Meeting Harry Lomas MBE during my recent stint as a food judge was definitely one of the highlights of my chef career so far. Harry has been in the industry for over 40 years, he directed food services for the British Army, the 2012 Olympics and has worked in the Royal Household and yet he still has the most incredible passion and drive to achieve excellence and to pass his knowledge and passion on to the next generation of chefs.
When Harry asked me if I would like to come along to The Grove, where he is Executive Head Chef, to run a masterclass about traditional Indian spices and cooking, I was only too happy to do so. The Grove is a luxury hotel, golf and spa resort set in 300 acres of rolling Hertfordshire countryside in Chandlers Cross and only 18 miles from central London, the former home of the Earls of Clarendon and is dubbed London’s Country Estate. The fact that it is luxurious and run by impeccably courteous and groomed staff goes almost without saying. However it was the food and drink operation that Harry runs that I was interested in.
There are 3 restaurants at The Grove, Colette’s is the fine-dining restaurant, and the Head Chef is Russell Bateman, who you may have seen representing the South-East in this year’s Great British Menu. I also recognised the sous-chef Scott Barnard when I popped in to say hi, who was a finalist in 2015’s MasterChef: The Professionals. The Grove is set to get even more TV coverage soon as head pastry chef Reece Collier is leading a team in the next series of Crème de la Crème. The Grove also has a gastro-pub the Stables, and the Glasshouse restaurant both of which run by Andrew Parkinson (previously head chef at Jamie Oliver’s Fifteen and Brasserie Zédel). So a really stellar line-up in the kitchens at The Grove!
The scale of the operation is genuinely staggering. The hotel has 217 rooms, and lots of large events space meaning it is popular for weddings and corporate conferences. The hotel has around 10,000 plates and 5000 teacups. The kitchens get through 500 eggs and four 55kg sacks of potatoes every day! And we are talking 365 days of the year. They have fresh deliveries every single day of the week. I asked Harry what happened if he was let down by suppliers. “That wouldn’t happen”, he says, steely-eyed. I think the suppliers would know better than to mess Harry about! Harry is also very particular about provenance of his ingredients; all the fish is from sustainable sources and the beef is Aberdeen Angus or Charolais supplied by the Queen’s butcher Donald Russell.
My masterclass was with around 12 chefs in the 170 cover Glasshouse restaurant, demonstrating a lightly spiced sea bass, with new potatoes in pickling spices and a chilli sauce vierge, followed by a chicken bhuna curry and a cauliflower and cabbage bhaji. I was slightly nervy to have all these experienced chefs hanging on my every word as I explained to them that sometimes less is more, and a hint of spice can be just enough to enhance the flavour of an ingredient without masking it. They were also impressed (I like to think!) by the freshness and clean-ness of the flavours, which is how traditional Indian food should be. I left them with lots of notes and ideas for new dishes. Given that the Glasshouse boasts 190 different items on the buffet every day, I think some of my recipes may feature one day.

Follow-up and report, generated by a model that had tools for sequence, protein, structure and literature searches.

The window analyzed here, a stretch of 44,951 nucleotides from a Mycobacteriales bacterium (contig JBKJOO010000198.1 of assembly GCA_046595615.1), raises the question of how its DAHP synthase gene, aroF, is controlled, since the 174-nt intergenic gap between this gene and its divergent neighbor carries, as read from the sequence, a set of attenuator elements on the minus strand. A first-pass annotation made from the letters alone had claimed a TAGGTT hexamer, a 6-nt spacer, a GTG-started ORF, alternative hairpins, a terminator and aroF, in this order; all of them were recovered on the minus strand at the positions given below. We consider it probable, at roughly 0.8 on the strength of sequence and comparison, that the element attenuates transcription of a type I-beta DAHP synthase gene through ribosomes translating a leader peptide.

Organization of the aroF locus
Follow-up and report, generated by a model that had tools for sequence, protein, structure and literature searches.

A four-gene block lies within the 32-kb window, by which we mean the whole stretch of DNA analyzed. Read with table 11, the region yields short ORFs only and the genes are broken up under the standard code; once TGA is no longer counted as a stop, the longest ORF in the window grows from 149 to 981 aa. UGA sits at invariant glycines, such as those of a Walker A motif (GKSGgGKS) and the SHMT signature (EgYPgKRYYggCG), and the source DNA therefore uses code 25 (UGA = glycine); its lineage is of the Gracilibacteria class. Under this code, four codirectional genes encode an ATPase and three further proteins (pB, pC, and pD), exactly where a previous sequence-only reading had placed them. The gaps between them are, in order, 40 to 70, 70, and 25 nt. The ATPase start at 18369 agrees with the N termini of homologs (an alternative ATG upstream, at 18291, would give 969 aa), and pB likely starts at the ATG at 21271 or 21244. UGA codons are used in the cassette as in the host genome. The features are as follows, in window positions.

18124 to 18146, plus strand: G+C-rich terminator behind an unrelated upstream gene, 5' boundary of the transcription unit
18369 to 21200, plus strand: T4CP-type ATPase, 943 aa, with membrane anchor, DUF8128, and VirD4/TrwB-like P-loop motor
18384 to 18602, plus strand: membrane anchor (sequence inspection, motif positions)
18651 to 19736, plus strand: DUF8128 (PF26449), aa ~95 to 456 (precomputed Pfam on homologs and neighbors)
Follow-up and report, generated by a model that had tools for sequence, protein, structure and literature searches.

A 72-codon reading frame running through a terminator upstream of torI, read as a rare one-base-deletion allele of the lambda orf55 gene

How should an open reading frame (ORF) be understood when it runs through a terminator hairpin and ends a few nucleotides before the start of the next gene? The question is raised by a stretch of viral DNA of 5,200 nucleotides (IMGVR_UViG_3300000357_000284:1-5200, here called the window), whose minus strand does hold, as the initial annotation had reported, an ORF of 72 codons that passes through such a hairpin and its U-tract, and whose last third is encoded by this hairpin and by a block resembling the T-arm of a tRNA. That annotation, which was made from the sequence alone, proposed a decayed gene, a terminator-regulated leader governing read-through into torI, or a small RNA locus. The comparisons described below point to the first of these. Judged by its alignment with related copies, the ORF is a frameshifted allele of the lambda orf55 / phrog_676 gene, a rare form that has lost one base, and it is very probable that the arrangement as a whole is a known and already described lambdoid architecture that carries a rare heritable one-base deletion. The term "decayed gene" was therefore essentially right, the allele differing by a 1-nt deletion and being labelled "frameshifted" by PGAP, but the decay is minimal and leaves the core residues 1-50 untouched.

There is so much I could write about our amazing stay at the Grove. The friendliness and professionalism of the staff was impeccable, the food we had at Colette’s was magnificent and the sheer variety and quality of the food available throughout the operation was remarkable. But the Grove is more than a good place to eat and drink, it is an academy for the next generation. On our arrival we were greeted and checked-in by Chris, whom Harry had spotted when he was with his family in the restaurant celebrating his 18th birthday. Spotting something good in the young man, Harry encouraged him to get in touch, and he is now working there under an apprenticeship scheme. Just one more in a long line of Harry’s protégés.
Harry’s ethos is to train the next generation of chefs, which is why he wanted me to go there in the first place. Otherwise, he says, there won’t be a next generation. Unless the chefs of the old school continue to preach the basics of cooking from first principles, i.e. from raw ingredients, the art will soon die away. Harry is also passionate about competition cooking as he says it keeps chefs on top of their game, always learning about new products and new dishes. He also believes it is great for young chefs to have to talk and represent themselves on stand in front of judges, it develops character, self discipline and confidence.
It certainly seems to work, the chefs I met were engaged, bright and curious to know more. I was so pleased to add my little bit of knowledge into the pool to be taken forward. For a truly memorable experience I wouldn’t hesitate to recommend a stay at the Grove. And if you see a Lancashire gent in a pristine white chef’s jacket and toque, don’t forget to say hi to Harry.